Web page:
Any good salesperson knows that winning a sale is not a one hit wonder. There are rounds of conversations, relationship building and negotiation along the way. Sometimes, it can seem almost impossible, if not exhausting, to get the desired end result. Sherrie Campbell seems to understand the challenge of securing that next sale, and recently wrote a great article for Entrepreneur.com titled, “7 Psychological Strategies For Mastering Sales Negotiations.” While we agree with and support all seven strategies, we want to focus on two today – Campbell’s third and sixth strategies.
Campbell’s third strategy is to take full advantage of listening. One of Dale Carnegie’s main principles is to be a good listener; to encourage others to talk about themselves. Not only does this give your customer a feeling of being heard, it allows you to understand exactly what your customer wants and needs. By doing this, your customer feels heard, understood and appreciated, and you are able to offer the best options based on their needs. Too many salespeople try to talk themselves into a sales win, when all it would have taken is more listening. The strongest relationships come from genuinely listening and taking an interest in the other person. The key to listening is to be focused, engaged and sincere – anything less than genuine and authentic will guarantee a loss of the relationship – and the sale.
Next, Campbell’s sixth strategy is to put people first, numbers second. If there’s one main focus we have here at Dale Carnegie Training, it’s the value of people and relationships. Sales is about offering and giving what the consumer wants or needs in a way that is mutually beneficial. So it only makes sense that one of the best ways to secure the sale is not to focus on the numbers, but rather on the person and their wants, needs and emotional connection.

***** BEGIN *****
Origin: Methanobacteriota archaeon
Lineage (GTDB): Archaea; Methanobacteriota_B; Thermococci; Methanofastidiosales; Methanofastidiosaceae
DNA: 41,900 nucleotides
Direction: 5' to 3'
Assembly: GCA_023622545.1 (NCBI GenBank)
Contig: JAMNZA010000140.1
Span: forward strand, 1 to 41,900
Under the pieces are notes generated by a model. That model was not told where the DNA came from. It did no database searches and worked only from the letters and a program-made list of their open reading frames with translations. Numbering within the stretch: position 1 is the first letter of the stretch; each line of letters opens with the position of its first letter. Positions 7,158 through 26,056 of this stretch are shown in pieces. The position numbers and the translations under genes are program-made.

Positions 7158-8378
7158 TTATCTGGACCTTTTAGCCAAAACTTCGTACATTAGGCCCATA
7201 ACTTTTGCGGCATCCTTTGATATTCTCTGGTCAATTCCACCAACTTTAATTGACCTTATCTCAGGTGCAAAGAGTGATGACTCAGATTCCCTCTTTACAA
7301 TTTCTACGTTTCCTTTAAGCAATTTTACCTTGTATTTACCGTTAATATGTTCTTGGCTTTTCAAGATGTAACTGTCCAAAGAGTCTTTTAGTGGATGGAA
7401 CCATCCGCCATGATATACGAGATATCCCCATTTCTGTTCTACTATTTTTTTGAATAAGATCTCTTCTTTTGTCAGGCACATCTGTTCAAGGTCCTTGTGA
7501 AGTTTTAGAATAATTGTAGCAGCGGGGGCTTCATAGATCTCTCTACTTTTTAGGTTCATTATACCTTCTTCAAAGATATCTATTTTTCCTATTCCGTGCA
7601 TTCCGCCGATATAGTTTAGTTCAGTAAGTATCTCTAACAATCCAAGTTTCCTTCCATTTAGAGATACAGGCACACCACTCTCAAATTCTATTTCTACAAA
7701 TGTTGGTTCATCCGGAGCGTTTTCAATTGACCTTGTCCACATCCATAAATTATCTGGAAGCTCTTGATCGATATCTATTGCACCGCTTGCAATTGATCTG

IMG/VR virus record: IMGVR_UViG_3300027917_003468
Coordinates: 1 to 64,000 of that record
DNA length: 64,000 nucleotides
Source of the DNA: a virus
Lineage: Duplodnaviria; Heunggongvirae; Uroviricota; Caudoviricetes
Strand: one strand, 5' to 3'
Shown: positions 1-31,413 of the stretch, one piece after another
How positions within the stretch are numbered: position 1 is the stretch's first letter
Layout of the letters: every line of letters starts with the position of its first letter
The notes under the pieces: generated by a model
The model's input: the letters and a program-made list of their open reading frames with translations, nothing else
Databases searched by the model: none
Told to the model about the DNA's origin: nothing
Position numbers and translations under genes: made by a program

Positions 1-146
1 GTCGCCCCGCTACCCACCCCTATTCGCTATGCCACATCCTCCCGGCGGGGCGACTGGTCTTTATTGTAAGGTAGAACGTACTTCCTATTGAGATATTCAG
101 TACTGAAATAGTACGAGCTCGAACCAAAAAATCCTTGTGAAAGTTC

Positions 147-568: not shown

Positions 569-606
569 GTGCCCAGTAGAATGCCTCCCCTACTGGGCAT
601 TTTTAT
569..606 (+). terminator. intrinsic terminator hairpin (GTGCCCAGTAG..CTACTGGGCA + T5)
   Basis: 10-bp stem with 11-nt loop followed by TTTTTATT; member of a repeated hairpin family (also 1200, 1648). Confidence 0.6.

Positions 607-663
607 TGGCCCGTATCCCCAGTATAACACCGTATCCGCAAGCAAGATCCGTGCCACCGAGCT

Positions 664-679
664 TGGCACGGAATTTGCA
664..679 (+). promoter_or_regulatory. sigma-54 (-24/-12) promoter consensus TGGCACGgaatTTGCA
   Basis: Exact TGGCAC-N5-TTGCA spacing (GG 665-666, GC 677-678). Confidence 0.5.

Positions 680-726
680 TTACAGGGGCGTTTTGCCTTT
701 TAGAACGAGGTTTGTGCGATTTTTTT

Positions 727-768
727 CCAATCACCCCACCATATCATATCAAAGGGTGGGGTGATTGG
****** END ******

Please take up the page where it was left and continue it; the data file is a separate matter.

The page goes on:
At the end of the day, Campbell’s article focuses on what Dale Carnegie Training stands for: becoming a better person day-by-day in order to enhance relationships and make the world a little bit better. Want to win the sales battle (and war)? Become more interested in the other person and what they desire. Doing this will strengthen your relationships, facilitate better communication, and create more enjoyable negotiations for everyone involved.
To read more about Sherrie Campbell’s 7 strategies, visit her article here: http://www.entrepreneur.com/article/239382
This post is brought to you by the good folks at Dale Carnegie Training of Michigan, providers of professional development and management development courses and information in Michigan. We would love to connect with you on Facebook and Twitter @micarnegie.
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